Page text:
The Christian Science Monitor reports that Ecuador is trying to encourage its diaspora to return home:
There are almost 100,000 Ecuadoreans residing in Italy, and Spain and the United States are home to nearly 500,000 Ecuadoreans each. But pushed by the ongoing economic weakness in Europe and unemployment in the US, and pulled by booming social spending in Ecuador, a growing number of migrants are returning to their home country.
What has the Ecuadorian government offered to get people to come back? They write significant material benefits:
A key part of Correa’s pitch is Plan Bienvenido a Casa: Por un Regreso Voluntario, Digno y Sostenible or, “Welcome Home: For a Voluntary, Dignified and Sustainable Return.” Return migrants can repatriate their belongings duty-free, qualify for business loans from the state, and receive employment assistance during the first few months back.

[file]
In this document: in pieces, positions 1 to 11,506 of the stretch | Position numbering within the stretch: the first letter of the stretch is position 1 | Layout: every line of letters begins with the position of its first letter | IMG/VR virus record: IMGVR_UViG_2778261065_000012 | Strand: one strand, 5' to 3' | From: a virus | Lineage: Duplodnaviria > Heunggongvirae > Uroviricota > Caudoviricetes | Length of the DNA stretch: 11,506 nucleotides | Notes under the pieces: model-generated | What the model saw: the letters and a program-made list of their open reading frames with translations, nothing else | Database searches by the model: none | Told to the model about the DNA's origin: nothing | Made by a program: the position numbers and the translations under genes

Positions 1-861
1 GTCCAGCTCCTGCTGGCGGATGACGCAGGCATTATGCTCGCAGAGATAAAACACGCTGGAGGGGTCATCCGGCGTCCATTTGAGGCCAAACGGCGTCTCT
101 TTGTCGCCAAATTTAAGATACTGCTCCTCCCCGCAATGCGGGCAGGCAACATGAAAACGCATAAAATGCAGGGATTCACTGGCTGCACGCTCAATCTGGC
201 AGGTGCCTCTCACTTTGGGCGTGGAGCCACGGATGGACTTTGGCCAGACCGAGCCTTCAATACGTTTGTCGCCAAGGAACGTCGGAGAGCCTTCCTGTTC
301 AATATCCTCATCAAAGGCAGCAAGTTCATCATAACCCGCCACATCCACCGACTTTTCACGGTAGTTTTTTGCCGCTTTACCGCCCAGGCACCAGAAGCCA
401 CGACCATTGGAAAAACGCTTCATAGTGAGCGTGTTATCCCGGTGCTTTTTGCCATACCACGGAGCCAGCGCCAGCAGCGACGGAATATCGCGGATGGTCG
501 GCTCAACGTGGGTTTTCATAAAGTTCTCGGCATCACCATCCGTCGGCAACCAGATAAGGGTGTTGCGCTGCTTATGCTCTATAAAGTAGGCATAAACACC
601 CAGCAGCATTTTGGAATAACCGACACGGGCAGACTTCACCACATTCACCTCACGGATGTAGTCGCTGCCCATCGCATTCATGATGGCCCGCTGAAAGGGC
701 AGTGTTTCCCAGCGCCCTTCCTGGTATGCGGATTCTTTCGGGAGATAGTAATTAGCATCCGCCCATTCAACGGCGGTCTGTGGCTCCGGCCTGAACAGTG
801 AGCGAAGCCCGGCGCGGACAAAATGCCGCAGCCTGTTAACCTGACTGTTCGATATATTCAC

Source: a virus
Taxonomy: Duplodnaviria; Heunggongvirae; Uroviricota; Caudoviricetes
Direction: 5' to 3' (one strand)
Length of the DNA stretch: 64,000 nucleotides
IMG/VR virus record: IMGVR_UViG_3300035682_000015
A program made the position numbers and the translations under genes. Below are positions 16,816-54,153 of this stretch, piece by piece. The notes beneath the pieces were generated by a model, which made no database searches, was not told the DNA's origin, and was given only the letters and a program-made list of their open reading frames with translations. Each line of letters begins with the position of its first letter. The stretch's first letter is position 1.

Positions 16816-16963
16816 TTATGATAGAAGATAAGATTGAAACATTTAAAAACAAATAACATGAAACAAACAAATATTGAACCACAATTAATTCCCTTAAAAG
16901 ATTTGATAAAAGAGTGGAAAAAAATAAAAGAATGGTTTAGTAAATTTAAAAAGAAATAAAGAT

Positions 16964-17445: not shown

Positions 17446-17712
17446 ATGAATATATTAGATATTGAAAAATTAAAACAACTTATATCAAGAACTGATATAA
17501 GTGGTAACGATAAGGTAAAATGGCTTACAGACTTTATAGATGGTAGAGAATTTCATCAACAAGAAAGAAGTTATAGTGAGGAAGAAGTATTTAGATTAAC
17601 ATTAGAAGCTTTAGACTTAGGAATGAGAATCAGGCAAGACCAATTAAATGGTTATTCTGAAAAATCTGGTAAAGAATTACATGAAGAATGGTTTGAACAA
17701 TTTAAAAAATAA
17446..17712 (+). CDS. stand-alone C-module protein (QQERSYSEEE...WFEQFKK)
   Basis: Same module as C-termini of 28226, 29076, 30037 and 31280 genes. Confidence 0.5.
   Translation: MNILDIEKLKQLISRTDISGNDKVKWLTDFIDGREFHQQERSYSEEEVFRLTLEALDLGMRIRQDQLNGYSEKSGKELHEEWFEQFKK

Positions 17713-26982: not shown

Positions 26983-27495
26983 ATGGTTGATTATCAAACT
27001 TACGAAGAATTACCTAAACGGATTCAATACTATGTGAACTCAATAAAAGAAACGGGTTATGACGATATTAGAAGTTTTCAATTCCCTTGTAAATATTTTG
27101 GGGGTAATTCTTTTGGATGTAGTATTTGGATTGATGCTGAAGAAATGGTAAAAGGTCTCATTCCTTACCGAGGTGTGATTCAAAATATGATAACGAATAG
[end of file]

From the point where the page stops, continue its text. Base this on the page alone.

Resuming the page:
What’s been the rationale? In two words: human capital.
Regardless of their circumstances abroad, Correa has encouraged the diaspora to return home. His so-called “Citizens’ Revolution” emphasizes the value of human capital; of the skills and education that many Ecuadoreans may have acquired abroad that could be of use to the country’s top industries, like agriculture, oil exploitation, government, and educational institutions.